Why Icelandair wants to buy two Atlantic airlines-bankrupts (updated 31.July)

Icelandair group, which includes Icelandic national carrier Icelandair, in the middle of the process of purchase a significant shareholding in two airlines, which commercial situation is more than gloomy. Both airlines are based at islands in the Atlantic ocean, which could give to Icelandair new opportunities. Flugblogger has checked the map and compared potential benefits.

Investment to “Fortunate Isles”

The first purchase is Cabo Verde Airlines, based at Capo Verde archipelago in central Atlantic to the west from Africa. At 30th of July Cabo Verde’s Prime Minister Ulisses Correia e Silva has announced big news for locals: Icelandic national carrier Icelandair has made an offer for buying 51% shares of Cabo Verde Airlines (TACV). Cabo Verdean news agency “Inforpress” has quoted Correia e Silva’s speech to the nation: “Unlike the misinformation put into circulation, Icelandair did not abandon TACV. Since the management contract is finished, we move on to the next stage, which is the privatization negotiation. Icelandair has already submitted a proposal for the acquisition of 51% of the TACV. TACV will be privatized as planned”.

The prime minister’s gladness is understandable, considering during the summer of 2018 the airline was left without any aircraft. It happened because of the time lag between the end of the contract for wet lease from Icelandair and signing a new agreement. Ulisses Correia e Silva emphasized, that situation in 2018 was different from 2016 when airline encountered fleet shortage due to “lack of payments and lack of credibility of TACV”.

Icelandair is not a very new player on the island. Icelanders had come to Cape Verde in August 2017, when the local government had signed the agreement with Icelandic airline for management of local carrier. Together with the signatures, Icelandair Boeing 757-200 (TF-FIW) came from Iceland to Cape Verde. The whole fleet of the airline, therefore, included only two Boeing 757, which were performing flights to Americas and Europe. Americans destinations were Brazil (Fortaleza, Recife, Salvador de Bahia) and the US (Boston), meanwhile, European destinations included France (Paris), Italy (Milan, Rome) and Portugal (Lisbon). Therefore, the route network follows destinations from Icelandair, except Brazil.

Strategic location of Cape Verde for trans-Atlantic flights between Europe and Americas // Source: Skyvector
The strategic location of Cape Verde for trans-Atlantic flights between Europe and Americas // Source: Skyvector

However, implementation of familiar destinations goes bumpy for Cabo Verde Airlines even under Icelandair management. For example, in July 2018 the General Sales Agent for Italy of Cabo Verde Airlines “Discover the World” had announced that all flight to Rome will be cancelled due to lack of planes.

It is expected that the privatization of Cabo Verde Airline will extend Icelandic participation in the development and bring more aircraft to the archipelago.

// Update 31.July //

Icelandair has published official press release regarding the deal, where says: “Loftleidir-Icelandic, a subsidiary of Icelandair Group, has participated in two projects in the Atlantic Ocean, on the one hand, with a TACV leasing and flight service agreement, with purchase options, and, on the other hand, in the privatization process for SATA airline in the Azores . With regard to the cooperation in Cape Verde, Loftleidir-Icelandic has confirmed that it is prepared to continue negotiations for the acquisition of the 51% stake that the company is entitled to, but has not undergone any further obligations”.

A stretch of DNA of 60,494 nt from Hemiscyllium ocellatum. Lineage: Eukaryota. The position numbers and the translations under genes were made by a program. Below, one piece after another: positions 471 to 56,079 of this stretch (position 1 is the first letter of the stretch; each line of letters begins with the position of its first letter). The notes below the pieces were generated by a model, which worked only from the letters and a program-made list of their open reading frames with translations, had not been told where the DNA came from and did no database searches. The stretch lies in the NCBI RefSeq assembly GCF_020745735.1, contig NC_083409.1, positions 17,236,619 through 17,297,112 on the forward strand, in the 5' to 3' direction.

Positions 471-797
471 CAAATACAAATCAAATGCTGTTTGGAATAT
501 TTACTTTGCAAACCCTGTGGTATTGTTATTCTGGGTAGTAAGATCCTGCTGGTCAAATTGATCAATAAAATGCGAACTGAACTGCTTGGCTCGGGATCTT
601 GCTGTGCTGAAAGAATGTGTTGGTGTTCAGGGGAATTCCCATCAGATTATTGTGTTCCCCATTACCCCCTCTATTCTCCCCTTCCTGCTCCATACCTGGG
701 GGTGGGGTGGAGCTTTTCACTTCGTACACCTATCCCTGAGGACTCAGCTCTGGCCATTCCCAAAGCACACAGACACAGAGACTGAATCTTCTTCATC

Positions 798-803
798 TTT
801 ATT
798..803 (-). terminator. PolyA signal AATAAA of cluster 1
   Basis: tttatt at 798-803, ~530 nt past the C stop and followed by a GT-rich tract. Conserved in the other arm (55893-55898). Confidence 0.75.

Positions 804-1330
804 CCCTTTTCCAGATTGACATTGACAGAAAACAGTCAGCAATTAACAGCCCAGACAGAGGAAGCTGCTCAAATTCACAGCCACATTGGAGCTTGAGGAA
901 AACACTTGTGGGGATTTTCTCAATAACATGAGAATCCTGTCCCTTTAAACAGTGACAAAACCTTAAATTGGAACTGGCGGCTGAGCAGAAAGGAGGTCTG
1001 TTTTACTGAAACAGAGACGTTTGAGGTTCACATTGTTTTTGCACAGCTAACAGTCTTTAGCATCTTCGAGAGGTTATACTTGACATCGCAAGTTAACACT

Heating the Azores boom

The second purchase is similar to the first one. The set includes archipelago, airline at the edge of bankruptcy, the deal with local government, selling half of the company to the first comer. The only difference is the Azores are closer to Iceland than Cape Verde. Nine volcanic islands are situated in the Atlantic Ocean to the west from continental Portugal.

According to local media Diario de Nolicias, last week Icelandair group had submitted a formal proposal for the acquisition of 49% of the share capital of SATA Internacional – Azores Airlines, after being pre-qualified in the first phase of the process.

// Update 31.July //

Despite Azores media information about the proposal, Icelandair emphasized in its press release: “Loftleidir-Icelandic has not decided whether a formal offer will be submitted to 49% of the share capital. According to the privatization process, Loftleidir’s deadline to answer the regional government expired, and Loftleidir proposed a negotiation procedure for the next six months. The proposal does not include any obligations for Loftleiðir-Icelandic”.

The news about Icelandair intentions of purchasing was announced by SATA in April 2018. The deadline for making a proposal came in 26th of June when Icelandair group requested a 30-days postponement. The company explained the delay by a necessity of better learning the situation around the Azores Airlines.

The concerns of Icelanders are fully understandable, considering their dream purchase has $250 mln debt. The airline was trying to decrease its debt repeatedly since 2015. According to the first plans, the company was going to reduce its debt from $210 m to $46 m before 2020 by reducing fleet and workforce. However, instead of this, the process of fleet renewal had started.